Would always say to me when I was starting out was just read more and all that stuff, but years later, I read, and it took me just kind of lived with it for about six months, Vladimir the Bools lectures on literature. And in there he basically kind of annotates, I think like five or six books. And they're like books that you most people have read, like Greg Expectations, pride and Prejudice, Dr. Jekyll, Mr. Hyde. But I mean, he tears them apart. And in the introduction, what he talks about is how you don't have to have read everything to write a book, but you need to really know a handful of books deeply. And also the program, I went to Warren Wilson College, the process of annotating works and thinking about what I'm reading, not in the way that people read who are just reading for pleasure, but reading like a writer.

Speaker 6 (00:48:41):

And I have a sister-in-law, much, much better read than I am. She reads a book every other day. I think she reads literally two books a week. But when we start talking about the mitochondria of the book, you really get into the weeds of it all. It's a completely different conversation. And so I would just say to read with an annotating mind. Find books that speak to you, find books that you want to imitate, and really think about how are they moving through time in this piece? How are they moving? If it's fiction, how are they moving characters from one time and place to another? How are they dealing with the interiority of a figure? And how does that interior relate to the exterior? And just think about very specific things as you're reading and read over and over again with a different lens on every time. And so for me, that was the thing that helped. But it's not just something that helped me as a emerging writer, it's something I still practice and do. Now.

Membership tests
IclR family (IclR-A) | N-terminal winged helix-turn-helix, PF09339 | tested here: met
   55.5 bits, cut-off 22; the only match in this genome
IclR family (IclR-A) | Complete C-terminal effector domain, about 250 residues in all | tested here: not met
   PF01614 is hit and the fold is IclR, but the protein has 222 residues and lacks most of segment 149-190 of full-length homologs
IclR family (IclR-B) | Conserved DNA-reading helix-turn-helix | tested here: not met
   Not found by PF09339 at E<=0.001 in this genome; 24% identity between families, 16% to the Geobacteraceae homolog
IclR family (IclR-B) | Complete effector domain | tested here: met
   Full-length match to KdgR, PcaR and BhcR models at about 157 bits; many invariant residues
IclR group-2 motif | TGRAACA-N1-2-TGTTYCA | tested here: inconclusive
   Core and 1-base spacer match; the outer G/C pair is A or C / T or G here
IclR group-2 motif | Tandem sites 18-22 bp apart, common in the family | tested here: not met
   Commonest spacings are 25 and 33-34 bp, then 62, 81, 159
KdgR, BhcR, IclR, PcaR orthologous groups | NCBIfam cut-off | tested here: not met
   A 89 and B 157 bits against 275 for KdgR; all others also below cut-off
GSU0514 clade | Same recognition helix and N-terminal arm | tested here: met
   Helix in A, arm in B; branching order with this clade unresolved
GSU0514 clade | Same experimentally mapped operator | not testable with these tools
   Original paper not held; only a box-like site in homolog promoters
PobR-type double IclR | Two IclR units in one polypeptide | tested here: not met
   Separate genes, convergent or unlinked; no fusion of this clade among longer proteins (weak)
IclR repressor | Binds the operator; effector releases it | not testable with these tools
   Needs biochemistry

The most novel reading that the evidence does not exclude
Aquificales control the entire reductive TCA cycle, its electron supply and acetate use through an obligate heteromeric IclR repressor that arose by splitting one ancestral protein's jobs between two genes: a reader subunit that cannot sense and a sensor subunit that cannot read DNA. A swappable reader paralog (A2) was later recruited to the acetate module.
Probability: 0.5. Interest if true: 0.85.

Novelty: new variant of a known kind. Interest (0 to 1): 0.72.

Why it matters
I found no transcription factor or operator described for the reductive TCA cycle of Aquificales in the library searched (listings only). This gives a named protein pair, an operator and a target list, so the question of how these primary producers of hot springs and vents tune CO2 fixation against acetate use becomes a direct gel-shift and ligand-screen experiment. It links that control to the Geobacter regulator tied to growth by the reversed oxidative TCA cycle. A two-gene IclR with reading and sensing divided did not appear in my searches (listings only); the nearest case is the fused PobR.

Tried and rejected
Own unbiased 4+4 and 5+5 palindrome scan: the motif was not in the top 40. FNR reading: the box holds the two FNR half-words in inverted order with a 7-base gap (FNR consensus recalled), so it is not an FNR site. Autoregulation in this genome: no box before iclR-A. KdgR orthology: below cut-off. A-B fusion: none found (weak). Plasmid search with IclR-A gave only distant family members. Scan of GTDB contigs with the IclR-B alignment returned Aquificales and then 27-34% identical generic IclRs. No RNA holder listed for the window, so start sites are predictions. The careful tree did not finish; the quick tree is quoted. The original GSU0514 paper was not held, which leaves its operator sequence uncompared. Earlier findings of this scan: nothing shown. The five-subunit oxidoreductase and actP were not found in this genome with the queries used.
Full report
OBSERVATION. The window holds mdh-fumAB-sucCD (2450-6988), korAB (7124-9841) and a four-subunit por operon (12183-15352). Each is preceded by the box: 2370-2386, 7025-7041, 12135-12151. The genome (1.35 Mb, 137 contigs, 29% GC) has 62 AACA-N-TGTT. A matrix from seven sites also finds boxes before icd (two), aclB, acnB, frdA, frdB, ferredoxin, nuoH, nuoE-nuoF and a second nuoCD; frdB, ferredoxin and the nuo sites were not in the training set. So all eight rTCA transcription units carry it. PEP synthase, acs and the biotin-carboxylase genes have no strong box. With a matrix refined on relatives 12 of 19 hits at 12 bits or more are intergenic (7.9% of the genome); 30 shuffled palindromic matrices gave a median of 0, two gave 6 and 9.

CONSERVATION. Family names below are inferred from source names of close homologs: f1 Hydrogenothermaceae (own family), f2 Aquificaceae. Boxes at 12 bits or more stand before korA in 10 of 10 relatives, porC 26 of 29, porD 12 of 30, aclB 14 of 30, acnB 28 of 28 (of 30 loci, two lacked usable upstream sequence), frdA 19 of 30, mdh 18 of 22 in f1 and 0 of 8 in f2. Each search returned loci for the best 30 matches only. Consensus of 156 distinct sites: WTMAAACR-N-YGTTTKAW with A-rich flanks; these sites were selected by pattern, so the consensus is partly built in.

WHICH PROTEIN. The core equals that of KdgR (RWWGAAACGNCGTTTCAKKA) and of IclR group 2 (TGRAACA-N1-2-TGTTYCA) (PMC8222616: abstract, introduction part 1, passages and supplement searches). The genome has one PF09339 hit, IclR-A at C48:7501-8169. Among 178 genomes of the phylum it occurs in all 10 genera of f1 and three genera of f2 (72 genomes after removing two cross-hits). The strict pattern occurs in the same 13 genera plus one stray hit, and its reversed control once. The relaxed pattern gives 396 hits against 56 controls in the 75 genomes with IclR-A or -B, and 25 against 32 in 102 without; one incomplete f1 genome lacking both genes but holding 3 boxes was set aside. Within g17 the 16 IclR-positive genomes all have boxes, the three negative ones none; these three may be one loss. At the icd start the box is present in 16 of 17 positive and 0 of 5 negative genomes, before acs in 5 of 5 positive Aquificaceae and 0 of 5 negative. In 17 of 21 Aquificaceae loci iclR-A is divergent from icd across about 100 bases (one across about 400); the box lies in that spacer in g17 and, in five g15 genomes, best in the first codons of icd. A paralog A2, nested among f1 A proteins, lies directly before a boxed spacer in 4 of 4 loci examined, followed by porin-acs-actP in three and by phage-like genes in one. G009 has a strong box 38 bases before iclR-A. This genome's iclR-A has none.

Speaker 3 (00:49:54):

For me, the advice that I would give, and I believe this is not just my affiliation with Hurston Wright, but I came looking for community. And I think that there's a lot that you learn from community, and you can find that there, wherever you live, even if you live in a remote area, and if you've got the internet, you can Google. But there are groups on Facebook and in other platforms, folks are connecting and sharing stories. There's a group that encourages women to submit. I think one thing that you can do is walk through the exhibit hall here and talk to some of the journals there and the folks at the tables and ask them about their programs and what's happening within their organizations that may be open for someone like you. And I think participating in retreats with other writers, building friends from there. I have friends from my Hurston Wright workshop that continue to today and other workshops as well. But I think it's building that community, building those connections and staying in touch with people, being open to someone else's story and being open to share your own.

Speaker 2 (00:51:24):

I'll piggyback a little bit off of what Van said. If you're going to read on the one hand, write on the other, just write, write, write, write, write, write as if no one is ever going to see it. Write everything down that comes to you because you never know when you're going to use it. And the other thing that I've found has always filled me, and I think it maybe is in the same vein that Hurston Wright began, is if there's something that I'm lacking in my life, something that I need and want, I try to be that for someone else. And so if you're in a situation where you don't feel like you have anyone to read your work, someone that you trust, someone that you want to workshop with, then do that for someone else. And then you might find that you're getting exactly what it is you need. I'd imagine when Marita and Clyde started Hurston Wright, they were wanting something too. The same type of community we're talking about that we got here. And look at what they've been able to get from that and to give from that. And so I live my life in that way. If I need it, somebody else does. Let me give it to them. And I find myself being filled.